Whether the CEO and Chair roles are separated, how many committees the board has, how many meetings are held each year and for how long—these are the kinds of procedural and architectural variables that many board watchers focus on. Even boards themselves sometimes get sidetracked debating these details. But they can’t afford to. These are not the issues that turn a board into a competitive advantage.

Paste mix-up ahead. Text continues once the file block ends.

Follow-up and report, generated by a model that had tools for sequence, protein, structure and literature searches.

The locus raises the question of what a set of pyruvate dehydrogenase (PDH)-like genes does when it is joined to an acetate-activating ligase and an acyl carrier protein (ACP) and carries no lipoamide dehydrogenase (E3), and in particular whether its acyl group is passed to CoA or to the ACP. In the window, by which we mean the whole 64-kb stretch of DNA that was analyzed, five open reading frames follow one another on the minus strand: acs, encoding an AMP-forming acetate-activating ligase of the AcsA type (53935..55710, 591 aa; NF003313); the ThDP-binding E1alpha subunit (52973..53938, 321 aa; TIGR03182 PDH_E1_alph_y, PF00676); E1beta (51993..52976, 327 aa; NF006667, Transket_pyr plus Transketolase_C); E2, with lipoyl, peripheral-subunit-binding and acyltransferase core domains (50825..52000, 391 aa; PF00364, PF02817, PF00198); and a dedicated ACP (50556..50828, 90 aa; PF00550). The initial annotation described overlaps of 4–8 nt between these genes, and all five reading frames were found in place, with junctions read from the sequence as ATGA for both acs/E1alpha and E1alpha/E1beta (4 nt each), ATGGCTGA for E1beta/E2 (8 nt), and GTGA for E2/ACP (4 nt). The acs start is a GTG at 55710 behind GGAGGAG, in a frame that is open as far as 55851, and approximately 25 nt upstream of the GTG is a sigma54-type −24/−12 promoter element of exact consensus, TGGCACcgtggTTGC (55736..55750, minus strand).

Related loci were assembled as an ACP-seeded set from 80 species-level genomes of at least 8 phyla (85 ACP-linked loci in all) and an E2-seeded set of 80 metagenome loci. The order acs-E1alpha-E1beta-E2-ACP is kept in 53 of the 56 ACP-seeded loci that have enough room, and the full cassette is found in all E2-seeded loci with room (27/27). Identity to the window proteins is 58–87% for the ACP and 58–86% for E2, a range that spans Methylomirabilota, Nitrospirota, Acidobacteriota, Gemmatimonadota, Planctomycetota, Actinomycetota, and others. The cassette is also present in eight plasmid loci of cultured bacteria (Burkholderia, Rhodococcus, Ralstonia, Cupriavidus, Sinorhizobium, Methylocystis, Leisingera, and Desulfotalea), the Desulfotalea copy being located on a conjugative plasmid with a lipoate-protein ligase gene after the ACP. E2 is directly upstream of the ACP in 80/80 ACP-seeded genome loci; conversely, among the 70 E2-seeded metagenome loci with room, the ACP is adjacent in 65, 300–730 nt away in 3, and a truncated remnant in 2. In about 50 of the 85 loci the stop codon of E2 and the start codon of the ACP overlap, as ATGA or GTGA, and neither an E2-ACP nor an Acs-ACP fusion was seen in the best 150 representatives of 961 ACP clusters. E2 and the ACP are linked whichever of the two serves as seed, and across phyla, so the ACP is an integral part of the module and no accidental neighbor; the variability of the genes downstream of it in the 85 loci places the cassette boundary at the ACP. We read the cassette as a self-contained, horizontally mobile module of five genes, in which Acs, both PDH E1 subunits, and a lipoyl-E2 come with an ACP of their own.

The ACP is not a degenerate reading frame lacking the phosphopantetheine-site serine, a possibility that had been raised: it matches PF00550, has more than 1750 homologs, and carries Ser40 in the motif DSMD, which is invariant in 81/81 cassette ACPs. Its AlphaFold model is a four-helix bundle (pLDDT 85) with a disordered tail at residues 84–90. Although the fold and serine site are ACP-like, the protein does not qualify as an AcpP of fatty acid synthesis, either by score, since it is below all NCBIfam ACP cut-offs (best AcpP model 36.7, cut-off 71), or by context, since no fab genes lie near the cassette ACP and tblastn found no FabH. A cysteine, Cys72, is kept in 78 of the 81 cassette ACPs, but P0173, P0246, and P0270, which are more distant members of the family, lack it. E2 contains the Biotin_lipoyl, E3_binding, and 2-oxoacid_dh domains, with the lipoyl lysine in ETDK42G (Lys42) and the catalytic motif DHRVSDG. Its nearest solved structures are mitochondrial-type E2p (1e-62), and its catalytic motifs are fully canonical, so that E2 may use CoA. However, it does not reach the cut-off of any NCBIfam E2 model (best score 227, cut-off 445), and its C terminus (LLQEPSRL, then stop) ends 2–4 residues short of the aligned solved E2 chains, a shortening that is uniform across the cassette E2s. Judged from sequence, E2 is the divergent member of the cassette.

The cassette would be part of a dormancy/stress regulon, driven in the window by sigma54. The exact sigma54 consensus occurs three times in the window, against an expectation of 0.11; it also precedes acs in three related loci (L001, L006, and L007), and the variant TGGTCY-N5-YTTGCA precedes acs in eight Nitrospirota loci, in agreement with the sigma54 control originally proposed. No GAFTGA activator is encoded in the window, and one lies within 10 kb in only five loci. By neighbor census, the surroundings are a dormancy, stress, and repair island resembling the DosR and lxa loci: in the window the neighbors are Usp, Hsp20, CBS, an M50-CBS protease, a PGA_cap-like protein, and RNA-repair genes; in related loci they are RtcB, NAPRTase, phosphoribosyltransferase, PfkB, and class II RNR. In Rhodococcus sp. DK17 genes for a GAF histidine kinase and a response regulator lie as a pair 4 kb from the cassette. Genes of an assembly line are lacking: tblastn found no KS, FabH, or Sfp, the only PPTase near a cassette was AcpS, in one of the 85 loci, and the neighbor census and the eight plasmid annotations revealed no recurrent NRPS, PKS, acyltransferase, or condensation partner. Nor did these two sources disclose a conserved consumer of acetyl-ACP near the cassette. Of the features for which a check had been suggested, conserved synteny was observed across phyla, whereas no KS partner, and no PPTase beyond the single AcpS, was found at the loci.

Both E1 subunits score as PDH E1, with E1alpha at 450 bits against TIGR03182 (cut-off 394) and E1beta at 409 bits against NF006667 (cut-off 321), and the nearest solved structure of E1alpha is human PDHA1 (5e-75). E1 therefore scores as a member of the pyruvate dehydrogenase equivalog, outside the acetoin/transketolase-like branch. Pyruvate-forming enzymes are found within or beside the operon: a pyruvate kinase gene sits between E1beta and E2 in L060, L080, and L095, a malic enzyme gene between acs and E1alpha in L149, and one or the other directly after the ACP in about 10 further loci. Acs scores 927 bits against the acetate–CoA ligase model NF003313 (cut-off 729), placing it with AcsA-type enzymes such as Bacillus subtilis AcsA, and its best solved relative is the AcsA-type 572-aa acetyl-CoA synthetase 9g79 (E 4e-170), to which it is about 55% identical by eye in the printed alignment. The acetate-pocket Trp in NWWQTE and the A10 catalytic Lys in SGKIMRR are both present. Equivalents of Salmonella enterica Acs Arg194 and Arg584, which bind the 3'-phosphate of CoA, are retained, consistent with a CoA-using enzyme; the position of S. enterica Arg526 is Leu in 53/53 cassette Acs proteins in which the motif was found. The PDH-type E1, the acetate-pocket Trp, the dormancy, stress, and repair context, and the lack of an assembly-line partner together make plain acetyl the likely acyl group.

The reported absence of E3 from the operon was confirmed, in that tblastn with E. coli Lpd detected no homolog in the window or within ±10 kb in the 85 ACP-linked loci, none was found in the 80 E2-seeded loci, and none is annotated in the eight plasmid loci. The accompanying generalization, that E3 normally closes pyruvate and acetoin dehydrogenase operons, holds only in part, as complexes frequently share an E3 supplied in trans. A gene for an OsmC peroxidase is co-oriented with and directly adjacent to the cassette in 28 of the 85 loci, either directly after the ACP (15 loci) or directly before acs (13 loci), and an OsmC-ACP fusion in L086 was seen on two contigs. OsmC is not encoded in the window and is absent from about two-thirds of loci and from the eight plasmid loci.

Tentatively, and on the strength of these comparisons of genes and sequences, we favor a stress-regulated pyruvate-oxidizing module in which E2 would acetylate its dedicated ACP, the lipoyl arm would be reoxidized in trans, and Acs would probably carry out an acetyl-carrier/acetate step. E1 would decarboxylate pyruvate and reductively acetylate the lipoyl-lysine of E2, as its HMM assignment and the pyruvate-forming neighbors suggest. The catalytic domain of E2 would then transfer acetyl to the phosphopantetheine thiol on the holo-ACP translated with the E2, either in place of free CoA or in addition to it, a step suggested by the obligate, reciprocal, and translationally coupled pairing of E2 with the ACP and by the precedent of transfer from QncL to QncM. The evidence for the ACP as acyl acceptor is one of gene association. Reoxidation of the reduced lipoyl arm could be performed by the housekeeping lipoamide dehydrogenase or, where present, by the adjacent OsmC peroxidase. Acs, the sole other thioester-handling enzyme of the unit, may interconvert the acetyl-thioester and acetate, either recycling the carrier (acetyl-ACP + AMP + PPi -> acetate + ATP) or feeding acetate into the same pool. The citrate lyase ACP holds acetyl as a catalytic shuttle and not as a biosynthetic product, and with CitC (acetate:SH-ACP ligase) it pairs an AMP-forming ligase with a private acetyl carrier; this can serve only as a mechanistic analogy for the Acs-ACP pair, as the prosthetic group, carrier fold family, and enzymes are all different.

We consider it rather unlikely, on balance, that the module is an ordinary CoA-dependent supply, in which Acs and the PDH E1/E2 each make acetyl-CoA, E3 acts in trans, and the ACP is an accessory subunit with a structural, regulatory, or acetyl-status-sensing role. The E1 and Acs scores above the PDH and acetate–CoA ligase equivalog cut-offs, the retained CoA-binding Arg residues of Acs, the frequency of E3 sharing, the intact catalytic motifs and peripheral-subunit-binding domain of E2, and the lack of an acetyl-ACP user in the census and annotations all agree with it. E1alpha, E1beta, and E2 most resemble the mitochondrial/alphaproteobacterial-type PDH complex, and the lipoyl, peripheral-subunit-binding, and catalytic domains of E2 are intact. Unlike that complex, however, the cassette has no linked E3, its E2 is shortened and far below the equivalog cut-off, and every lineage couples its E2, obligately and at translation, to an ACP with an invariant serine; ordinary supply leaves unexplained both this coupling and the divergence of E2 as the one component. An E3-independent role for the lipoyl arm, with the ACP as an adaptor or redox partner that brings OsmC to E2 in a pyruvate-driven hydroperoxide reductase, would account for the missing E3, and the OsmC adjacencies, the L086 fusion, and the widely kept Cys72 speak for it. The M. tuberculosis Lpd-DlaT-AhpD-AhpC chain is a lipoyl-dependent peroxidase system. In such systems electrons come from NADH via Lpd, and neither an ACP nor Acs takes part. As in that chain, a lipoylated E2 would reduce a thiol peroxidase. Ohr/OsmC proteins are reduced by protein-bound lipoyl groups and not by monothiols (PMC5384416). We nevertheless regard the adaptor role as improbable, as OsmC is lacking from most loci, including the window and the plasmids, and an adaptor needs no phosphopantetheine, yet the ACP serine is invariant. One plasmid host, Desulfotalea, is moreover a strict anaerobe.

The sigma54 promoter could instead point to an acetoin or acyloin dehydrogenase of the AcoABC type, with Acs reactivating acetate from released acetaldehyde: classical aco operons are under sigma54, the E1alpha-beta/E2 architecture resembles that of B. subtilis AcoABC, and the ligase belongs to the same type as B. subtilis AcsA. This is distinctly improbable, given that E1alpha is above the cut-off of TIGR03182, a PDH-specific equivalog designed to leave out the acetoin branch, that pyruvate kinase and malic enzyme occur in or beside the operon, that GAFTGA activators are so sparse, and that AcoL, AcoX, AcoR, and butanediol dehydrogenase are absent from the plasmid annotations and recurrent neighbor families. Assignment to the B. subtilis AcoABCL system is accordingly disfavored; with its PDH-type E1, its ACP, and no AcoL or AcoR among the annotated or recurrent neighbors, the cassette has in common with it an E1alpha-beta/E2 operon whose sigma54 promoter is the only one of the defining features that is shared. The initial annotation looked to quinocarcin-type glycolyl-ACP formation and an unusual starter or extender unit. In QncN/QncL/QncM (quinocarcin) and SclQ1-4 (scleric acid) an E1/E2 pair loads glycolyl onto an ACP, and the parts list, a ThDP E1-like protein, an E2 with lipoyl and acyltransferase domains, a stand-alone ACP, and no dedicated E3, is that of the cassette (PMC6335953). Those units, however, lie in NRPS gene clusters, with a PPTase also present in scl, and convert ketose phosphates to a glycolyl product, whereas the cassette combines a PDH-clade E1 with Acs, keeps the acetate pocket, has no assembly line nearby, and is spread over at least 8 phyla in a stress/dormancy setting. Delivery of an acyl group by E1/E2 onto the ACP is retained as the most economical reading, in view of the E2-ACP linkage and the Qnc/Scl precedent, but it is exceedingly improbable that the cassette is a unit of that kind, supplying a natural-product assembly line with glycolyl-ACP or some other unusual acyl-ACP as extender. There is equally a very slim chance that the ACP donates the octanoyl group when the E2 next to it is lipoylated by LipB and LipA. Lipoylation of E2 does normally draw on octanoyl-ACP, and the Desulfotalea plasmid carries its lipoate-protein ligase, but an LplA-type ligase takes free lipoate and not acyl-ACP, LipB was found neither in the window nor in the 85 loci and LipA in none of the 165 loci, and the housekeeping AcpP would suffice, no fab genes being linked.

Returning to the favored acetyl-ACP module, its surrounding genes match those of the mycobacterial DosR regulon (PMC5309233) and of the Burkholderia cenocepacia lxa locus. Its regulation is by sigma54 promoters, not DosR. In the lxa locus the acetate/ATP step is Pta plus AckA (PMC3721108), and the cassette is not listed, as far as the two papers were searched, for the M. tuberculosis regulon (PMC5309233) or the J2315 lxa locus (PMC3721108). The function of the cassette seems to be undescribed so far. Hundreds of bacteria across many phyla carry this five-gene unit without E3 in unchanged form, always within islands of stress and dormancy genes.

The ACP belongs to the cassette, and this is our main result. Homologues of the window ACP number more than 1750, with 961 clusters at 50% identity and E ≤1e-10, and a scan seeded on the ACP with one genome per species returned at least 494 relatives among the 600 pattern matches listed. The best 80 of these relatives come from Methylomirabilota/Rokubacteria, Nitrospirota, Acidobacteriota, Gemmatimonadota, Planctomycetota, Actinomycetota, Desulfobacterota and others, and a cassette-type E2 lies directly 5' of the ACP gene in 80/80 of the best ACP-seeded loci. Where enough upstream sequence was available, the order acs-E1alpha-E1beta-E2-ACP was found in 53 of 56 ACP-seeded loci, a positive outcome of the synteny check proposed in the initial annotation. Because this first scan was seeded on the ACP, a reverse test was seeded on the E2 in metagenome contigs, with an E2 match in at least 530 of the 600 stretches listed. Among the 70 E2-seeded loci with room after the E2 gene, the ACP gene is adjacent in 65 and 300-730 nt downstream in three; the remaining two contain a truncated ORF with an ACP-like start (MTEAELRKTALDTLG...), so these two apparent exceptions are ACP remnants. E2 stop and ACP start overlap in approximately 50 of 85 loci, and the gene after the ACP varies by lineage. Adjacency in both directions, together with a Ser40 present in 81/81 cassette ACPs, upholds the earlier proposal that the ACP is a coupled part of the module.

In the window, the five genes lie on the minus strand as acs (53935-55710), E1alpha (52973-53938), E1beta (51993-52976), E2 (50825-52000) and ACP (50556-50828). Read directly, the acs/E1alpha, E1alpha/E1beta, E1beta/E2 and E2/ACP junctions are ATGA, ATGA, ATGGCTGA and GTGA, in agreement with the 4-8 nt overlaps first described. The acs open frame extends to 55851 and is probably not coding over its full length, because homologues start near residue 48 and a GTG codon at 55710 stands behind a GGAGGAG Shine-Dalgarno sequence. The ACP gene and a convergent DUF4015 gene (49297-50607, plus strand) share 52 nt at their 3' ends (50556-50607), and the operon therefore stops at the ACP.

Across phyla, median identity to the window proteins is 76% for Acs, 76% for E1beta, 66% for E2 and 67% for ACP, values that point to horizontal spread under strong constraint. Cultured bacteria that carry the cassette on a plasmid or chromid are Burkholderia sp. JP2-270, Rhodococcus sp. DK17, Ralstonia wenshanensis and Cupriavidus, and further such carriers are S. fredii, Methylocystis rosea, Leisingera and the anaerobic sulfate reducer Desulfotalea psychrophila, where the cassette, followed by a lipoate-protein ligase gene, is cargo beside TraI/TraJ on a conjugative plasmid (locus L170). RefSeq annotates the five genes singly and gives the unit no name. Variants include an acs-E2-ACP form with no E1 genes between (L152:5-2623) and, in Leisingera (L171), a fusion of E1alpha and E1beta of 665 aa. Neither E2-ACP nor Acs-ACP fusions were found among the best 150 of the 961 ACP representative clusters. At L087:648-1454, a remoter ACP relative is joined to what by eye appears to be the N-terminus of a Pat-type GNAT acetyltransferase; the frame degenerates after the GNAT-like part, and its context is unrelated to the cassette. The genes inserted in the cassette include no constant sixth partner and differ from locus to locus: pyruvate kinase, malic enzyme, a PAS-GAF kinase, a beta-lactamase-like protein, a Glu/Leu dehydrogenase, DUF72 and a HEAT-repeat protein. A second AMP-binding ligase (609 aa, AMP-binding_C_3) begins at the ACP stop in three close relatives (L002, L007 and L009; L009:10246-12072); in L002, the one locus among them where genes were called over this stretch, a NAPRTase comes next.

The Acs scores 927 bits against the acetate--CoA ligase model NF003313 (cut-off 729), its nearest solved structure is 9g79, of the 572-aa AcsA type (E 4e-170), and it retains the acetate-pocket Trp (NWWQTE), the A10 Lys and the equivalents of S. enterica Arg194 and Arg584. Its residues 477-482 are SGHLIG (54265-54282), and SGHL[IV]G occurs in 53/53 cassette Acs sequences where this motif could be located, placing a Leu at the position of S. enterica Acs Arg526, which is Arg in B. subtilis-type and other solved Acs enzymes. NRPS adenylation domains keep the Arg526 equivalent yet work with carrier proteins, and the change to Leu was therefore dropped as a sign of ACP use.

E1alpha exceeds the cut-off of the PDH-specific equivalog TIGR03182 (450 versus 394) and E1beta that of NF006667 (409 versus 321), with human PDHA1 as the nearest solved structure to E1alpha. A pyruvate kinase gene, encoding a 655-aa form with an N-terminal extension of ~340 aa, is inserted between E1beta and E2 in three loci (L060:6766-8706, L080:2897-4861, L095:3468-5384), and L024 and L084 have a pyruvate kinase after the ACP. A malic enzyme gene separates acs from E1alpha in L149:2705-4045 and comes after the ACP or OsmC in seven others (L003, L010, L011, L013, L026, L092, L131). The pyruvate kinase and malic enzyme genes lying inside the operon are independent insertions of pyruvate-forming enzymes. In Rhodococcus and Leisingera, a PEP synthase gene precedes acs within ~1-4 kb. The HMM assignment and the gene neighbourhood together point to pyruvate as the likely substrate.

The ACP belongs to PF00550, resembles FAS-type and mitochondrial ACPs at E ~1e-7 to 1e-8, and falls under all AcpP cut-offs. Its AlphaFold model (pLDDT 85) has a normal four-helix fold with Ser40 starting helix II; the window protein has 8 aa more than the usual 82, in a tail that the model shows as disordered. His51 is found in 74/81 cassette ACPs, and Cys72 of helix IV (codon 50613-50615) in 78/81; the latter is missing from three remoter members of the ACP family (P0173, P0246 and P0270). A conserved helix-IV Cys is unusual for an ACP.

Decisions about board operations don’t require endless debate. Common sense and group dynamics should be the guide. Will the new slate of directors help the board add value and work well as a group? Does a separate Chair facilitate dialogue? Are directors up to speed in all the areas they need to be? Is the board ...